The Short-Term and Long-Term Effects of Smoking

Everyone knows smoking is terrible for your health. It can wreck your heart, make breathing difficult and come with social consequences.

However, even most smokers aren’t educated on the specific effects smoking can have on a human life.

Smoking brings about both short-term and long-term effects as far as human health is concerned. These effects are devastating, to say the least.

The short-term effects revolve around the immediate physical responses to smoking. These responses are not long-last unless the smoker continues his addition over many years. In addition, short-term effects fade if or when the smoking ceases.

Among short-term effects are: dry mouth, chapped lips, irritated gums, irritated throat, yellowish teeth, bland taste, terrible smell

These above mentioned short term effects are just the beginning and only affect the head area.

The effects which are more widespread include: increased heartbeat and blood rate, constricted blood vessels, sluggish circulation low oxygen count in the blood, low oxygen count in the extremities due to a build up of carbon monoxide, increased fat and cholesterol in the cells of the blood vessels due to the build up of carbon monoxide, shortness of breath signified by wheezing and ash breath, damaged hair, bad skin.

The long-term effects are not immediately apparent, but develop over time and bring about more lasting health risks. Unfortunately, these are seriously life-threatening and, as already mentioned, can lead to death.

Diseases related to long term smoking range from esophageal and lung infections to chronic bronchitis and emphysema. Even more severe are peripheral artery disease, the hardening of said arteries situated within the brain, coronary heart disease, Arteriosclerosis and stroke.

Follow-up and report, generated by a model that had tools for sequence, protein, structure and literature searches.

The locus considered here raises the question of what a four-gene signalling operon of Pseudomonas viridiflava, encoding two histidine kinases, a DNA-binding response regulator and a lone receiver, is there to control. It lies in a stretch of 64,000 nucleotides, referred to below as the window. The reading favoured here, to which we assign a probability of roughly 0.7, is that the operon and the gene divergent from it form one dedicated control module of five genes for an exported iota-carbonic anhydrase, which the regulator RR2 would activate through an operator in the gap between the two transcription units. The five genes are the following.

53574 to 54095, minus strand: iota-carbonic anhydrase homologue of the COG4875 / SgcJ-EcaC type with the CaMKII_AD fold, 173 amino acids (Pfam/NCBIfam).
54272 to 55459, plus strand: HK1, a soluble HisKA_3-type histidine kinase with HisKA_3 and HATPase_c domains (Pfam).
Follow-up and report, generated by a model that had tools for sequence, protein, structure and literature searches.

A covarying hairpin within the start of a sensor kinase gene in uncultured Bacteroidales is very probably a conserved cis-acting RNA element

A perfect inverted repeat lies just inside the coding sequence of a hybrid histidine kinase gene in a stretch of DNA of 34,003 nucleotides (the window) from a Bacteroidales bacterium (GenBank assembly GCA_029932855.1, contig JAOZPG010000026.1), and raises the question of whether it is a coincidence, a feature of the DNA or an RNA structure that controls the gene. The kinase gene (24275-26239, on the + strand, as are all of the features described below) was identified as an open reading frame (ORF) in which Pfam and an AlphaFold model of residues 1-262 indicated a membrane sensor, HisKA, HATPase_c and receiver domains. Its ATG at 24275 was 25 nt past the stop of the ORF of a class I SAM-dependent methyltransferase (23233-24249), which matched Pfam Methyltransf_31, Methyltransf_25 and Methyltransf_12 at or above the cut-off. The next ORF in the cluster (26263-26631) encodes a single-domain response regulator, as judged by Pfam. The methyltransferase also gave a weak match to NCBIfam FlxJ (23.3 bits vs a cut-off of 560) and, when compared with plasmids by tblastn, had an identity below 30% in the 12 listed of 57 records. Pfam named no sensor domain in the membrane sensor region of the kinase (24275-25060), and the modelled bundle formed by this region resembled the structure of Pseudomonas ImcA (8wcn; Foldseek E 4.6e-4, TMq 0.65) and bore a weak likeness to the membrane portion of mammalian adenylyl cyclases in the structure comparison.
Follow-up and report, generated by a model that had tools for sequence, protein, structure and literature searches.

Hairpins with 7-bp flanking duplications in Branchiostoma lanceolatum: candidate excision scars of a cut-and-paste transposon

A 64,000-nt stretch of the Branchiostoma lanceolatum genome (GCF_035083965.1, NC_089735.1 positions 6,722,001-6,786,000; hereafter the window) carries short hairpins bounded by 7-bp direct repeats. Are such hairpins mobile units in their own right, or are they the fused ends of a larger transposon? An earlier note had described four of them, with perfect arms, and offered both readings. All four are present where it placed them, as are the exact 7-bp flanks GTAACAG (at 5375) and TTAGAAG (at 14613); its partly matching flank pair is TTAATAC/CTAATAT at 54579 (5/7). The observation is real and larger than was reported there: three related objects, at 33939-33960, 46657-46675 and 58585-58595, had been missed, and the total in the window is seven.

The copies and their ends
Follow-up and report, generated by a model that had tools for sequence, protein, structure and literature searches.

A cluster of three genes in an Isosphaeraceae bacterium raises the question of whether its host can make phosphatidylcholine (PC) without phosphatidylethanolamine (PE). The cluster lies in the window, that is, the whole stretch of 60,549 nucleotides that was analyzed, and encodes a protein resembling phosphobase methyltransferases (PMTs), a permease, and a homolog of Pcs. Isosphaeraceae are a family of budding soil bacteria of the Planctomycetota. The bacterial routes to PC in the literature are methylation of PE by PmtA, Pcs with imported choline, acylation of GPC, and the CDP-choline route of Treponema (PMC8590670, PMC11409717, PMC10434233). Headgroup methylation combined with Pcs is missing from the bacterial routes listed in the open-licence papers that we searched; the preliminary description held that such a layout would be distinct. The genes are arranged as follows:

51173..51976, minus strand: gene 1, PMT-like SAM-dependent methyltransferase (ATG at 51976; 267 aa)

A high percentage of smokers have died from cancer of one form or another, and smoking can lead to many kinds of this dreaded disease included lung cancer, esophageal cancer, throat cancer, mouth cancer, pancreatic cancer, laryngeal cancer and cancer of the bladder, cervix or kidneys.

With this kind of outbreak, it’s a surprise how many people in the world continue to smoke. It’s assumed the power of the nicotine addiction often clouds the judgment of those who smoke.

An interesting yet heart-wrenching addition to this would be the adverse effects on women, especially those who are pregnant. Smoking, as everyone knows, threatens unborn fetuses as well as the mothers who smoke.

Such effects can cause low birth weight in would-be newborns, which is associated with an increased risk of infant death or a plethora of other various health conditions.

Those who would like to learn more about the health risks related to smoking can and should do research on the effects of smoking. Thousands of research articles are dedicated to educating those who absolutely need to know, which are often smokers themselves.